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Suppose that in my solidity contract, I need to see the price of ETH in terms of USD at a specific time, say on January 1, 2021. I would like to use the Historical Price Data Feed from chainlink (URL below). I imagine that to achieve this, I would have to pass the roundId as a parameter when calling the outermost function, so that the contract can verify that this roundId indeed gives the price corresponding to the timestamp of January 1, 2021. I am happy with this construction. However, I do not entirely understand the data given back. How do I verify that the roundId indeed corresponds to the timestamp of interest?

URL to the documentation: https://docs.chain.link/docs/historical-price-data/

Interface:

function latestRoundData() external view 
    returns (
        uint80 roundId, 
        int256 answer, 
        uint256 startedAt, 
        uint256 updatedAt, 
        uint80 answeredInRound
    )

Chainlink explanation with these return arguments:

  • roundId: The round ID.
  • answer: The price.
  • startedAt: Timestamp of when the round started.
  • updatedAt: Timestamp of when the round was updated.
  • answeredInRound: The round ID of the round in which the answer was computed.
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The startedAt and updatedAt values returned will give the time (unix epoch) that the round was started and submitted. You can compare this to your 'Jan 1 2021' value

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  • Ok, so how can I verify that a roundId corresponds to the given timestamp? Also, how do I find the correct roundId off-chain? Jul 8 at 11:13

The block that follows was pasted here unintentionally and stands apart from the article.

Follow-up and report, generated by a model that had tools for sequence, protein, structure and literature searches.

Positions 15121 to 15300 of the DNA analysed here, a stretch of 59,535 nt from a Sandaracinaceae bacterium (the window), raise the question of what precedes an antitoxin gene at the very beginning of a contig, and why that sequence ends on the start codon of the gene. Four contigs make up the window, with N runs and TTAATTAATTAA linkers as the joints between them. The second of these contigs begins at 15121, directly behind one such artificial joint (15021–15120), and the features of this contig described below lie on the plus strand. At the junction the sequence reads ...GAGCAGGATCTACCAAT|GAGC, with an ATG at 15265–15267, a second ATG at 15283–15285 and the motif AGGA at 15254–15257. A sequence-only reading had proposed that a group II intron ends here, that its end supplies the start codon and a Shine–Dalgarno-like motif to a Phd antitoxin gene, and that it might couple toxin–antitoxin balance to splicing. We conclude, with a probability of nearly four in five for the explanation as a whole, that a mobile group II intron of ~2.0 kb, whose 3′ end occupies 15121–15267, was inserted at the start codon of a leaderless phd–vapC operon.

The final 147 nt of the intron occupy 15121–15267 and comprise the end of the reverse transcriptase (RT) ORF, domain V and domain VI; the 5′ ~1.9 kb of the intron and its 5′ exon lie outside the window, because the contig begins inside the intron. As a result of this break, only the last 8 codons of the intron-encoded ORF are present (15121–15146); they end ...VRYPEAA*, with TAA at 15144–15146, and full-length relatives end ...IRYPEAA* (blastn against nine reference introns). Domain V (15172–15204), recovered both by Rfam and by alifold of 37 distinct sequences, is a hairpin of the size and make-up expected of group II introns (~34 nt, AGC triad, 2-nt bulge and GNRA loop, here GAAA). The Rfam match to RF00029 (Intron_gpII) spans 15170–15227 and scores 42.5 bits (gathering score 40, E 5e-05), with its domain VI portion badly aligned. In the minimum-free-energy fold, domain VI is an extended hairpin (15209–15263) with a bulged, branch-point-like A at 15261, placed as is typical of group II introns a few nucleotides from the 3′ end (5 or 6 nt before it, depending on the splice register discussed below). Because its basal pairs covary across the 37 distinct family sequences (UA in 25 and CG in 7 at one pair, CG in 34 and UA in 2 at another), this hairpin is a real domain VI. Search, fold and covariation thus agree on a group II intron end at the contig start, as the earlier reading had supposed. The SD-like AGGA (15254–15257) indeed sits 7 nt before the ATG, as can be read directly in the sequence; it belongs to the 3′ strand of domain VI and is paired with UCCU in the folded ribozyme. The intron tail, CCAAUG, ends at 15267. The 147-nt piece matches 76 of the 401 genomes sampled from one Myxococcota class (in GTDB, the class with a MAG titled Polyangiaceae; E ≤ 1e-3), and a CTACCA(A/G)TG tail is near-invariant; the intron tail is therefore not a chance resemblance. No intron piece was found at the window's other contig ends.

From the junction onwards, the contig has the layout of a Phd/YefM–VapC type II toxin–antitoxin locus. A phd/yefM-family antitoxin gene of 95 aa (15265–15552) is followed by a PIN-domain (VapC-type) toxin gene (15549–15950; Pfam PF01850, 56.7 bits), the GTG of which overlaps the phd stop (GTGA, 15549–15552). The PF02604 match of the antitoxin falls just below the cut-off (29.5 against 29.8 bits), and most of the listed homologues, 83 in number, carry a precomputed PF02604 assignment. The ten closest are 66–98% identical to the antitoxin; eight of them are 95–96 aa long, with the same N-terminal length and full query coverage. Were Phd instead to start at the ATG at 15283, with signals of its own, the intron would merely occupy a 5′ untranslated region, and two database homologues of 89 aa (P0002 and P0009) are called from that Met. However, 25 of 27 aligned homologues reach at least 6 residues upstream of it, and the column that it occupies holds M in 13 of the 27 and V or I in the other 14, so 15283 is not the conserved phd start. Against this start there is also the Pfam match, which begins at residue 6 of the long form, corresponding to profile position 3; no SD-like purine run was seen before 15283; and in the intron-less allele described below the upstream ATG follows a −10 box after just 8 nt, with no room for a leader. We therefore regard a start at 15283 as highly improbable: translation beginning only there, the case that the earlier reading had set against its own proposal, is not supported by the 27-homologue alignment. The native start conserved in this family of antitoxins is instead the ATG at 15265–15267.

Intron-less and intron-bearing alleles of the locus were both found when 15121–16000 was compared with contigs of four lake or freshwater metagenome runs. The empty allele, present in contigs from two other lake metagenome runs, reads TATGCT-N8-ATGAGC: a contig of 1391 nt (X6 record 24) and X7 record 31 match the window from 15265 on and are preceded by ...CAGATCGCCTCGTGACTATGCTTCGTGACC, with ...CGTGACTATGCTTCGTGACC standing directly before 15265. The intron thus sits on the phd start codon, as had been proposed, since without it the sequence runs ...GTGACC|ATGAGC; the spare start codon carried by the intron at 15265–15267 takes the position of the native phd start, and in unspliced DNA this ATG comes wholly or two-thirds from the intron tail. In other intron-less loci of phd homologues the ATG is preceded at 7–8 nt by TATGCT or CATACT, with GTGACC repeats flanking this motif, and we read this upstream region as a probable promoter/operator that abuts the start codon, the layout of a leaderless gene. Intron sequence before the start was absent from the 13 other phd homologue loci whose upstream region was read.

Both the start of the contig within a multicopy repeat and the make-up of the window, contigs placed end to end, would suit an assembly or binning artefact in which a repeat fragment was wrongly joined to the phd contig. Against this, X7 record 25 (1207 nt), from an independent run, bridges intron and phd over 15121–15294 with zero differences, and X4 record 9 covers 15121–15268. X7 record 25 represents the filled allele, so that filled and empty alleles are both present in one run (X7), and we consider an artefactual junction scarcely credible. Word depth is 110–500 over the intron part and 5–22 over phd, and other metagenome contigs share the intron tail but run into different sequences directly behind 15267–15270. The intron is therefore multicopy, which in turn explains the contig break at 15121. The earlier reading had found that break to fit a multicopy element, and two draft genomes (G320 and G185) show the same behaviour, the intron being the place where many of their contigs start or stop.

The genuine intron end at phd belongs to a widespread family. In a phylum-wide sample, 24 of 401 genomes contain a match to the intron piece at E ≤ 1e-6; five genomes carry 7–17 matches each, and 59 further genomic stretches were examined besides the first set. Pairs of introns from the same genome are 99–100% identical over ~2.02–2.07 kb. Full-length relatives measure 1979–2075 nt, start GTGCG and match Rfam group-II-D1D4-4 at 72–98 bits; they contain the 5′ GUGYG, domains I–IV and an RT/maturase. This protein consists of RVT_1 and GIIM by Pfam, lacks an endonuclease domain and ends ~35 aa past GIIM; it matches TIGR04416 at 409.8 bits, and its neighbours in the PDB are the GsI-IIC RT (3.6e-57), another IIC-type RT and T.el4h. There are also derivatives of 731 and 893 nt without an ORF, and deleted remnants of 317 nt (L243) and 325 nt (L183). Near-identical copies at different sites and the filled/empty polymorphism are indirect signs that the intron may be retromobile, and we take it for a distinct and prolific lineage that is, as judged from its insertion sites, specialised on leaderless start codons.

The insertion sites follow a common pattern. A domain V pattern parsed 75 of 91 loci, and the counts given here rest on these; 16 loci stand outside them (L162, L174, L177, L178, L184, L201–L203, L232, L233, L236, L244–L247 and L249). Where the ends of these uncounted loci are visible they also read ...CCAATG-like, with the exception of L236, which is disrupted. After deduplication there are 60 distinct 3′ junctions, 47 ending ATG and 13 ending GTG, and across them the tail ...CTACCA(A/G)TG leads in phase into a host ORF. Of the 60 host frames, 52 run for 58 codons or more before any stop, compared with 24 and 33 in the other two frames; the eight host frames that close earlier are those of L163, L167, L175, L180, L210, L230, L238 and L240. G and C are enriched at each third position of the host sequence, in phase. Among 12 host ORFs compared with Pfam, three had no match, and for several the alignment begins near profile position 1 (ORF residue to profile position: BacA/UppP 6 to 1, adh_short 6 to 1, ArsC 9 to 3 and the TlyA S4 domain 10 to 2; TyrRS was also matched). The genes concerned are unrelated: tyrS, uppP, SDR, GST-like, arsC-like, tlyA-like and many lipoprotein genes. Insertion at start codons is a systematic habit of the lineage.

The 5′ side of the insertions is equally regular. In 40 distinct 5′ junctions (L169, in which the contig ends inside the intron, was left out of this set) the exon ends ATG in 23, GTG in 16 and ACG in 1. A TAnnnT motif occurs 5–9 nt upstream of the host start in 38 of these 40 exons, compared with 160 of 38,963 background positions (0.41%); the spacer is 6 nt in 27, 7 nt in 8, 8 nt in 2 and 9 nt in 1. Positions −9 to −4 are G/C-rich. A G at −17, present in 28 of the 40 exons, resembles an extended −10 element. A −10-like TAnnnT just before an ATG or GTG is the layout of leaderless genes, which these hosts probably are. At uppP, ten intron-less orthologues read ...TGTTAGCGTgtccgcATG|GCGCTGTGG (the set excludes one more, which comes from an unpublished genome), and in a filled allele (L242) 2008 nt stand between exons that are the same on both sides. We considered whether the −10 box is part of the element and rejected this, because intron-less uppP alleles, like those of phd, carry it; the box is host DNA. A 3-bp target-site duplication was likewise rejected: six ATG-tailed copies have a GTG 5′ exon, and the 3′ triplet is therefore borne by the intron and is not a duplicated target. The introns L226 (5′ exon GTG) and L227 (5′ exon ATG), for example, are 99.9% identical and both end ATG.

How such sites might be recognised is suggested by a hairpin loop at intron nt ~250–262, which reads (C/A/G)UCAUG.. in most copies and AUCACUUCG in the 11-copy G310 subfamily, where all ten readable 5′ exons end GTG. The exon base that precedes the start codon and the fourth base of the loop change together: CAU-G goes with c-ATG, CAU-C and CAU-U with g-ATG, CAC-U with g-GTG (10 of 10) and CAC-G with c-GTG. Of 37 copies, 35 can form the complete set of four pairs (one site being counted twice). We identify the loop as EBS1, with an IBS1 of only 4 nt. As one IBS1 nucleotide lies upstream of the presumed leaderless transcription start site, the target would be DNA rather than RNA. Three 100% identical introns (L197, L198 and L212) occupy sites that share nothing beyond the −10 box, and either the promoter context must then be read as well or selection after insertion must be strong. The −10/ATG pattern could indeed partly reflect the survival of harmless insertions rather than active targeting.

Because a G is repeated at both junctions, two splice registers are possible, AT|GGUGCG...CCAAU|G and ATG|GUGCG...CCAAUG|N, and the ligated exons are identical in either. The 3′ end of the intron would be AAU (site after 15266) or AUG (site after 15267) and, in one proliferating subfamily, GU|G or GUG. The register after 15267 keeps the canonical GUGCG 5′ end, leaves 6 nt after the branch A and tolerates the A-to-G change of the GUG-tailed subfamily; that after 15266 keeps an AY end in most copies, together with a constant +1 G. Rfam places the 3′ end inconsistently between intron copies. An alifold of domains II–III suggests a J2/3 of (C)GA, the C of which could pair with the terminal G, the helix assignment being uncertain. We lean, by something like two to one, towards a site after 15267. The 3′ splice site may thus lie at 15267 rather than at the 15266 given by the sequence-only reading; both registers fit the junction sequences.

• Obviously it is very unlikely that a roundId timestamp corresponds exactly to the date of interest... Jul 8 at 11:14
  • it's hard to find the roundId that corresponds to a given timestamp unless you do a lot of iterating off chain. But unfortunately the way the data is stored on-chain, it's not easy to just plug in a date/time and get a price back. There should be a blog post coming out in the next few weeks that addresses how to solve this exact issue. Jul 29 at 2:30
  • Thanks a lot for taking the time to respond. In fact, we would be happy with an off-chain solution such as the one you describe. How would this work exactly? How can we find the correct roundId corresponding to a timestamp, and how can we verify correctness on-chain? Jul 30 at 11:45
  • I'll be working on exactly this later this week, I have a couple of rough ideas in my head, but don't want to respond unless I know they work. Will response back here once I've got a basic example working Aug 2 at 1:59

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